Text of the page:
This representation is a copy of (anonymous) sculptor, probably from the beginning of the 20th century, after the original in polychrome terracotta.
A face with delicate features emerges from a full drapery treated in a Burgundian style closely resembling the statuary of 15th century Toulouse.
A very large number of statues were produced in the same vein, and the Virgin of Moissac is without a doubt the masterpiece. This figure, full of sorrow but with great dignity, accentuated by the lowered eyes, is distinctive because of the contrast between the body and the face, which strongly evokes Claus Sluter and the 15th century School of Burgundy.
There is nothing here of the slightly playful grace found in the figurines of the neighbouring Rouergue. Instead, it has a monumental power that provokes silence and compassion when contemplating the statue, as well as admiration for the artist. Using a minimum of means, the sculptor has achieved the height of emotion and drama, by avoiding external gestures and concentrating instead on creating an inner sorrow that is all the more moving.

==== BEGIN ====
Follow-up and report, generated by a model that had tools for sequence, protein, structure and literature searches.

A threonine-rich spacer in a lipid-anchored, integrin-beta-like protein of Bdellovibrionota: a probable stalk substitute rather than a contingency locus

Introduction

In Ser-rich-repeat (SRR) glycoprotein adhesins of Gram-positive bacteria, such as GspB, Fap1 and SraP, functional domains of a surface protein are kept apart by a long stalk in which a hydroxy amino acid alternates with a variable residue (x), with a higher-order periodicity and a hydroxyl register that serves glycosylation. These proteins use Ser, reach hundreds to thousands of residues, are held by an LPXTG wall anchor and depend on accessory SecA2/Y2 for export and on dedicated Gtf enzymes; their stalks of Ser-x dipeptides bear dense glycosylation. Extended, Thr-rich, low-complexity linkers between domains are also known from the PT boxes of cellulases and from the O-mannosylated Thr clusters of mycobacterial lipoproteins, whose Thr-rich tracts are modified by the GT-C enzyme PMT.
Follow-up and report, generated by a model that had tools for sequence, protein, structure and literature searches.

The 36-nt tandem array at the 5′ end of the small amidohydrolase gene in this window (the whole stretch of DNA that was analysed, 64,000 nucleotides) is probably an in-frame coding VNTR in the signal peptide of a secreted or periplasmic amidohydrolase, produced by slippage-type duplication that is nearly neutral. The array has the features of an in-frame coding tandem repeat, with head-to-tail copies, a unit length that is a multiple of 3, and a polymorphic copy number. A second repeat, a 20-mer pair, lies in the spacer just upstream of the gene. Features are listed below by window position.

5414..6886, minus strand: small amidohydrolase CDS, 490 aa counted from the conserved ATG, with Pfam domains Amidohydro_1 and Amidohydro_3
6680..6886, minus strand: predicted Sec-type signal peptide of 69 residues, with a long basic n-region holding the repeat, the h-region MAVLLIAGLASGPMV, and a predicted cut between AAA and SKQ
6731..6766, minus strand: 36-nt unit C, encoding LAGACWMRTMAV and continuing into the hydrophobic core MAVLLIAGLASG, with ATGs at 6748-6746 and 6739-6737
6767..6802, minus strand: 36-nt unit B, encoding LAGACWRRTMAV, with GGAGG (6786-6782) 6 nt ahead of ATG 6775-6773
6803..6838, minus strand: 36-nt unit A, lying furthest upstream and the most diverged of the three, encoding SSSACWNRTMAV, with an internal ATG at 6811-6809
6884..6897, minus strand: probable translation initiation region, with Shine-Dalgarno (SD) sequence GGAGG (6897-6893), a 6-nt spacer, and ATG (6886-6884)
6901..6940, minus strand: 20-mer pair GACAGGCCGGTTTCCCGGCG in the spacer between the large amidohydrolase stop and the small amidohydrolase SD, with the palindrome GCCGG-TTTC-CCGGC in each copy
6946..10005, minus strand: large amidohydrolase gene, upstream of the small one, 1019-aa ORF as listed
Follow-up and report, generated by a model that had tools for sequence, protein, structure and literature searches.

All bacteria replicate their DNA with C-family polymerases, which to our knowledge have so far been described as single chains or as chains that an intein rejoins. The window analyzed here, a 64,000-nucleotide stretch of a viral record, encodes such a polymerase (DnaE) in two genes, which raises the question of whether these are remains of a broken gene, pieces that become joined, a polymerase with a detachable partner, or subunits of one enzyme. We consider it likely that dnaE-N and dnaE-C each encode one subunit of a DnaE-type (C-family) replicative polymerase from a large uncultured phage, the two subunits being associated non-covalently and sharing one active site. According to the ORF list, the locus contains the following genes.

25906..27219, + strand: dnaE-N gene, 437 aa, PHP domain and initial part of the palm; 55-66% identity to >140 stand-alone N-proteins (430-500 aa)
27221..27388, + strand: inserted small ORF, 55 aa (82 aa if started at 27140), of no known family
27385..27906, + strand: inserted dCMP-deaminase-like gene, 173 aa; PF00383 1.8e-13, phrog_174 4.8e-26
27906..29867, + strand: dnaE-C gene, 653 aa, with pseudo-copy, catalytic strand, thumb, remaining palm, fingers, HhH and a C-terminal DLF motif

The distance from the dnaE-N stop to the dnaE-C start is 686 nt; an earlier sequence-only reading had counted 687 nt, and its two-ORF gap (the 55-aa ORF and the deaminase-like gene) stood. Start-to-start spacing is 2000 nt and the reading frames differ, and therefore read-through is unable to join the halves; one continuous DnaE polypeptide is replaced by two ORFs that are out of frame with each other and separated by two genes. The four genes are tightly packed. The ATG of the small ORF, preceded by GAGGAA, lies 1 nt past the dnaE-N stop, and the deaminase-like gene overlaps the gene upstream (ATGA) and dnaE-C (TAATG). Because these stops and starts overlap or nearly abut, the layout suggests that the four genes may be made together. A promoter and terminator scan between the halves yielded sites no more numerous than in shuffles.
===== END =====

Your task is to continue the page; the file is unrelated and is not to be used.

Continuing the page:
At the end of the tormented 15th century, gentleness, realism and calm remained the most persuasive, and basically religious, arguments.
Reproduction in hand patinated resin
- H. 24 L. 16,5 P. 13 cm
H. 9.45" W. 6.50" D. 5.12" - 7.1 lbs
- Medieval French art
- Material of the original
- End of 15th century
- Moissac - Hospice
- Religion, Woman
- Art movement
- Medieval art